New ambulance centre which could see relocation of staff from Gatwick, moves a step closer (From Redhill And Reigate Life)
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New ambulance centre which could see relocation of staff from Gatwick, moves a step closer
1:03pm Friday 2nd May 2014 in Local News
Plans to create a new ambulance Make Ready Centre in Crawley, which could mean the relocation of staff from Gatwick, have moved a step closer.
South East Coast Ambulance Service NHS Foundation Trust’s (SECAmb) plans to develop a Make Ready Centre and regional Hazardous Area Response Team (HART) base on a site in Faraday Road, Northgate, were given planning consent by Crawley Borough Council earlier this week.
The new centre, which will act as a point where ambulances are made ready for crews before every shift, will also provide the regional home for the HART team, which is currently based in temporary premises near Gatwick. The site will also provide modern training and meeting facilities.
It is hoped the new centre will be operational in early 2016, and it is expected that crews currently reporting to the temporary Gatwick HART base, Horley, Crawley, East Grinstead and Horsham, will relocate to it.
The planning application is one of three the Trust has recently submitted to create purpose-built Make Ready Centres.
The other two applications are for centres in Brighton and Polegate in East Sussex, which was also recently granted planning permission. The Trust has already developed two purpose-built centres in Ashford and Paddock Wood in Kent. SECAmb’s programme director for estates, Geoff Catling, said: “These facilities will not only ensure that our clinical staff are freed up to do the job they are trained to do – treat patients - there will be the prospect of job opportunities, as our Make Ready contractors look to recruit make ready operatives from the area.”
The Trust said the Make Ready initiative will significantly enhance and improve its service, minimising the risk of cross-infection, freeing up front-line staff who currently clean and re-stock ambulances, to spend more time treating patients, and keeping vehicles on the road for longer.
The initiative entails specially-trained operatives regularly deep-cleaning, restocking and checking vehicles for mechanical faults.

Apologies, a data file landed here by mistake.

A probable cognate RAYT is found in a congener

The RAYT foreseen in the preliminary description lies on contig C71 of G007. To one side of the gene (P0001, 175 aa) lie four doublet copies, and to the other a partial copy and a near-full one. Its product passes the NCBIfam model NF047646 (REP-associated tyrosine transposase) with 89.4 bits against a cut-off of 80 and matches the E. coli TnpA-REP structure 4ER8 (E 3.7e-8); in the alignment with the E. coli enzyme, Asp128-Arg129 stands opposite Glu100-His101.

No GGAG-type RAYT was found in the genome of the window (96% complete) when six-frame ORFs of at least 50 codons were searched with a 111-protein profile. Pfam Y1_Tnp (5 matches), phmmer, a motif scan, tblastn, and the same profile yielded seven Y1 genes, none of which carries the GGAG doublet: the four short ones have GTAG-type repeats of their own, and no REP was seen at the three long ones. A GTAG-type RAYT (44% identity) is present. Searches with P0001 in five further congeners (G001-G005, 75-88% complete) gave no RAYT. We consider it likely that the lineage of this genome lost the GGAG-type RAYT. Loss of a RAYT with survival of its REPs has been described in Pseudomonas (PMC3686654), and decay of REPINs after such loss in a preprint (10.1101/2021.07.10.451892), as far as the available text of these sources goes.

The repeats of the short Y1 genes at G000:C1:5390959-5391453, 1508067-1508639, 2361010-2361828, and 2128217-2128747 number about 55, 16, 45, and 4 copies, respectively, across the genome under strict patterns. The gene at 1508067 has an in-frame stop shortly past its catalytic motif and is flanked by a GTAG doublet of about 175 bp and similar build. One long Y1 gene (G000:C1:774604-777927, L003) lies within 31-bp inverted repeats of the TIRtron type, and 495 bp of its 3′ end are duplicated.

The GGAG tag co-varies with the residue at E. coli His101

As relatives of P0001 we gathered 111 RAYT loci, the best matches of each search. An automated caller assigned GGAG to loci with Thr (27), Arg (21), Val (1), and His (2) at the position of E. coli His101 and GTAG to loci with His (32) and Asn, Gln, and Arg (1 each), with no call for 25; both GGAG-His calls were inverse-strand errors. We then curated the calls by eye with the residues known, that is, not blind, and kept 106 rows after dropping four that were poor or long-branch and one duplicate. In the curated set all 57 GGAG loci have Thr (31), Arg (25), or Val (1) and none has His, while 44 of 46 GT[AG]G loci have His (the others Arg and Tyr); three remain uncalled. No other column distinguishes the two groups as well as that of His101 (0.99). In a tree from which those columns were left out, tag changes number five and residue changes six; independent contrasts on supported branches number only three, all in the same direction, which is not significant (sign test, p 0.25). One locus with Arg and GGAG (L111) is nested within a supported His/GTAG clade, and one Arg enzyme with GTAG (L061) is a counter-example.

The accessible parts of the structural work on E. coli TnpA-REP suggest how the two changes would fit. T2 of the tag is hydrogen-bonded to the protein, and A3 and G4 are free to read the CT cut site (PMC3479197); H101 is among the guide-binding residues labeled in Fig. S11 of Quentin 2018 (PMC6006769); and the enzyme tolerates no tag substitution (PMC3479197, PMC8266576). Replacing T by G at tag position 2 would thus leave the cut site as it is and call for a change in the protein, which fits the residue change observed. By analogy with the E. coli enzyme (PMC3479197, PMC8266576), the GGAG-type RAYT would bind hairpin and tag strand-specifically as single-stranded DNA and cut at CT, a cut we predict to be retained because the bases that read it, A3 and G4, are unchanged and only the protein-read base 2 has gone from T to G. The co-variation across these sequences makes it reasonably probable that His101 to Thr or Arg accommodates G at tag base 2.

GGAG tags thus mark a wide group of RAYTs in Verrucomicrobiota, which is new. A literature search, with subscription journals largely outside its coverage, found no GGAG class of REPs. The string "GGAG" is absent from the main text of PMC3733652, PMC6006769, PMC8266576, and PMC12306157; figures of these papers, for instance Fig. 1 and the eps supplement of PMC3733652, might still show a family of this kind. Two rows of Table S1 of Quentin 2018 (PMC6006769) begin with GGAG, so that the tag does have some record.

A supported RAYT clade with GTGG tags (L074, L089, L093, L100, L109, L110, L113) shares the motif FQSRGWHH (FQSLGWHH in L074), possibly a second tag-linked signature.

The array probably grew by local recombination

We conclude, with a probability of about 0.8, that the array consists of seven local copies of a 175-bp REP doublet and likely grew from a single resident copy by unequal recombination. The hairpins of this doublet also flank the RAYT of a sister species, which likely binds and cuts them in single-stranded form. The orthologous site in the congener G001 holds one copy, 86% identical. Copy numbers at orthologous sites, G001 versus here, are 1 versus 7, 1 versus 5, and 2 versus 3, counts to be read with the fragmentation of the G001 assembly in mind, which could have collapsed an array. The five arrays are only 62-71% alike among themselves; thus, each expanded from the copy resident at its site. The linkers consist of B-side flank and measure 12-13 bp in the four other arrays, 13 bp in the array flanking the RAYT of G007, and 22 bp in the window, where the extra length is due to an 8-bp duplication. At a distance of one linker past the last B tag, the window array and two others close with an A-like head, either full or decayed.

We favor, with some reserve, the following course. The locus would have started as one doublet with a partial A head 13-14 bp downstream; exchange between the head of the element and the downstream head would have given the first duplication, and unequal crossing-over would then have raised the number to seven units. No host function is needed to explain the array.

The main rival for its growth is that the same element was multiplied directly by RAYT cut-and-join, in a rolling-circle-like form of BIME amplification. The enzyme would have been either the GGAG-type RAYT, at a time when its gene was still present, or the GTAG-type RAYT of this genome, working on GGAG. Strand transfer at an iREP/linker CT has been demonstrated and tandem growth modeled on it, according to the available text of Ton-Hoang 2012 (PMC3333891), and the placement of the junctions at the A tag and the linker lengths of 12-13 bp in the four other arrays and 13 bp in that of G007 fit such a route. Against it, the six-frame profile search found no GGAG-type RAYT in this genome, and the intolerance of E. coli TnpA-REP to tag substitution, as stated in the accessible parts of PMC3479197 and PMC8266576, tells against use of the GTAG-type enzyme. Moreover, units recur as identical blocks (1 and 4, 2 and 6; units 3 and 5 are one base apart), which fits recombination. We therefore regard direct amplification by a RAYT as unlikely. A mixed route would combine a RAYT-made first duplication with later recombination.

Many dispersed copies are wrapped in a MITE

The Make Ready Centre will be supported by a network of ambulance community response posts (ACRPs) across the area, and will see staff begin and end their shifts at the new centre.
However during their shifts, staff will respond from the ACRPs, which will provide facilities for staff. These will be located based on patient demand.
Work is under way to have the new ACRPs in place for when the new centre becomes operational.
The Trust has said decisions regarding the closure of ambulance stations will be made on an individual basis and on whether they are in the best location to respond to patients.
However, it added, the closures of ambulance stations will only take place once a response post is operational, thus protecting and enhancing SECAmb's service to patients. It is expected that response posts will be found in towns currently served by ambulance stations.
Ambulance bosses opened the Trust's second HART base at Lowfield Heath in 2012. The team is based on Gatwick Gate Industrial Park and consists of clinicians specially trained to treat patients in hazardous environments.
HART clinicians have been recruited and trained in the use of specialist equipment and vehicles which will enable them to safely treat patients in the so-called ‘hot zone’ of a major incident, or at other incidents with environments such as smoke-filled buildings or where potentially dangerous materials are present. HART members are also specially-trained to respond to chemical leaks, urban search and rescue incidents, incidents at height, flooding, major road collisions and have equipment to test carbon monoxide levels.
The teams work alongside their SECAmb colleagues and fellow emergency services to provide additional life-saving support, triage and treatment at the scene of hazardous incidents. The clinicians receive intensive training, including in the use of breathing apparatus and gas-tight chemical suits, to enable them to enter hazardous areas, providing treatment to patients earlier and therefore improving clinical outcomes. HARTs use specialist vehicles including off road 4x4, 6x6 and urban search and rescue vehicles, as well as a state-of-the-art command vehicle. When not responding to HART calls, the team provides operational support to the Trust’s 999 fleet with two single response vehicles and a frontline ambulance. Website: www.secamb.nhs.uk